The FDA’s deputy commissioner of foods Michael Taylor estimates that the transition would cost about $2 billion and two years to carry out, but could provide $30 billion in health benefits long-term. “Things like the size of a muffin have changed so dramatically,” said FDA commissioner Dr. Margaret Hamburg. “It is important that the information on the nutrition fact labels reflect the realities in the world today.”

Source:
The New York Times FDA

By Ellis Hamburger

photo credit: jpalinsad360 via photopin cc


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Personalized products and content-led conversation will win in 2014

The global e-commerce industry is expected to generate $1.2 trillion in sales by the end of this year, driven largely by the changing shopping habits of consumers, as they increasingly browse and buy across mobile, tablet and even social networks. Despite this predicted growth, 2014 will not be a year for retailers to rest on their laurels.

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Retailers will have access to more information about their customers’ preferences and shopping habits than ever before and retailers must take steps to better understand the purchase journey. This insight will give retailers the understanding they need to develop relevant content and personalize deals, and ultimately help to generate more sales. Shoppers are looking for a richer, more personal shopping experience and retailers must reassess both how they sell and what they sell if they are to thrive.

Here are 5 top tips for those retailers wanting to stand out from the crowd next year using personalization:

1.     Content shopping will be king
The lines between entertainment and shopping are blurring further and 2014 will see more retailers offer shoppers a richer, content-led shopping experience. Driven by the media, which have become retailers in their own right to bolster dwindling revenues from advertising and subscriptions, savvy retailers are using multimedia content to make the shopping experience more engaging. Retailers recognize that shoppers are no longer satisfied by the vending machine model of the last decade; they want to be entertained and informed as they browse the web and make purchasing decisions.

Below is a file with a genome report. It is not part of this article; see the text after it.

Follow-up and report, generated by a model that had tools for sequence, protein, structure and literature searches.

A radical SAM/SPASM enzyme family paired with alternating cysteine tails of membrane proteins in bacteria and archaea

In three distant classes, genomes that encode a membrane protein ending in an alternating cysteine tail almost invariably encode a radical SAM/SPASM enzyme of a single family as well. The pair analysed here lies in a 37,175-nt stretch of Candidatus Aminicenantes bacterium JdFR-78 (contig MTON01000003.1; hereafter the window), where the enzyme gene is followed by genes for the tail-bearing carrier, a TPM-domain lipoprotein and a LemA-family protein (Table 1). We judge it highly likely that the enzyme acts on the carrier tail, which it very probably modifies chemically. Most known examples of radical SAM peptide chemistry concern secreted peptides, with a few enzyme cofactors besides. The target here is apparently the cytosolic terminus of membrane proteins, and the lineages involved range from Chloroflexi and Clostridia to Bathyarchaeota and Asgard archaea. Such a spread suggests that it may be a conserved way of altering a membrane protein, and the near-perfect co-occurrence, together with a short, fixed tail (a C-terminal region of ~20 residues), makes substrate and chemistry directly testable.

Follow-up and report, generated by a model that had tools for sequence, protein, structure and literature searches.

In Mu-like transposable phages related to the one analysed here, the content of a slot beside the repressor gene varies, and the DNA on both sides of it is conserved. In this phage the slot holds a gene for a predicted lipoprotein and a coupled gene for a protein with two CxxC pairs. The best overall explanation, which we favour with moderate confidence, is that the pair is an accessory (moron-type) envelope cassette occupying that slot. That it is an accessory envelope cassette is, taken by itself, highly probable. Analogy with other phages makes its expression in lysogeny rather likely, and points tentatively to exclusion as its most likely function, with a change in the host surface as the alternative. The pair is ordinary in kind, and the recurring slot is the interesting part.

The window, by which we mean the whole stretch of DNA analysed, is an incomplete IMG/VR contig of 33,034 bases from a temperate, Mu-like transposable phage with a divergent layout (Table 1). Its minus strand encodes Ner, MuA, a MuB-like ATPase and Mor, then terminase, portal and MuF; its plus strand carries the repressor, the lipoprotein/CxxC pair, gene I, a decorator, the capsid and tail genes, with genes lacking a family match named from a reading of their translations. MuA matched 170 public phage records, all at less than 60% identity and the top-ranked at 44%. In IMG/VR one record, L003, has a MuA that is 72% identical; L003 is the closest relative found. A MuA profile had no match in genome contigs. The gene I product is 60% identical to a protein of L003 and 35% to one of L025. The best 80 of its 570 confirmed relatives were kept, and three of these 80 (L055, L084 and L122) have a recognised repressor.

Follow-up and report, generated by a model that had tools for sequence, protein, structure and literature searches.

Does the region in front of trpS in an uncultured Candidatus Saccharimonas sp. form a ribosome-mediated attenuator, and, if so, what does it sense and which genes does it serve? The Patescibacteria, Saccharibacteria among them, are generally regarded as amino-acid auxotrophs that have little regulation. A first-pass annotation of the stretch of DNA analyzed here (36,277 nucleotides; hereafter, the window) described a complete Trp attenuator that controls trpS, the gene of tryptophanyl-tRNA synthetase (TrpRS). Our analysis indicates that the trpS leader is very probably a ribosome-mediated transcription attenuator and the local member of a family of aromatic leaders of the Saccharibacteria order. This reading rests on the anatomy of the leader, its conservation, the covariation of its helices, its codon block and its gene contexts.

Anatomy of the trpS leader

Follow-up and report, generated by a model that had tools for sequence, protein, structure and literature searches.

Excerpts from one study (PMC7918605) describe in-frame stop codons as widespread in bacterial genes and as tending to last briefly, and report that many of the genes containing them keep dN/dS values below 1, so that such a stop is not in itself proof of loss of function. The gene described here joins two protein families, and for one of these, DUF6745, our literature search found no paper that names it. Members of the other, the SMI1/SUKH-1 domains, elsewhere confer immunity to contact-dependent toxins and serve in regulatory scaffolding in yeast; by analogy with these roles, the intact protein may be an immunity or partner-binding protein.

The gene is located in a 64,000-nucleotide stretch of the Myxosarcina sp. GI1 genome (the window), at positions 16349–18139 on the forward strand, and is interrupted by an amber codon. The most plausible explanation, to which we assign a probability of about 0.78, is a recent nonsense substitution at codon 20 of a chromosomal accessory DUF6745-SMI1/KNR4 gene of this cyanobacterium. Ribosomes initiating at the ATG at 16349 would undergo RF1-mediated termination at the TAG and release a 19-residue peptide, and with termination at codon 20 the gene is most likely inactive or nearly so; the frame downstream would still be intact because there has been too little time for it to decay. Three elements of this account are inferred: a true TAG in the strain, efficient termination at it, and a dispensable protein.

2.     Social will steer retailers’ stocking decisions
Social media’s power to influence what people buy is widely recognized and in 2014 it will also influence what retailers sell. The rapid growth of social curation communities like Pinterest, where consumers curate their own collections of products that they like, offers retailers access to invaluable insights in near real-time, something that traditional market research simply cannot compete with. Savvy retailers will use social shopping communities as a temperature check for popular product trends and use this insight to inform and refine stocking decisions.

3.     Omni-channel will require a single customer view
In any given day a shopper could interact with a brand on multiple devices and through multiple platforms, from mobile browsing in the morning, to lunchtime shopping on a work laptop. In 2014, a top priority for retailers will be to join-up the dots between these channels so that a more comprehensive customer profile can be developed. Insight garnered by analyzing the purchase journey of shoppers will help retailers to streamline the channels through which they sell and personalize the shopping experience, helping to boost bottom lines.

4.     Hyper targeting will take the online personalization in-store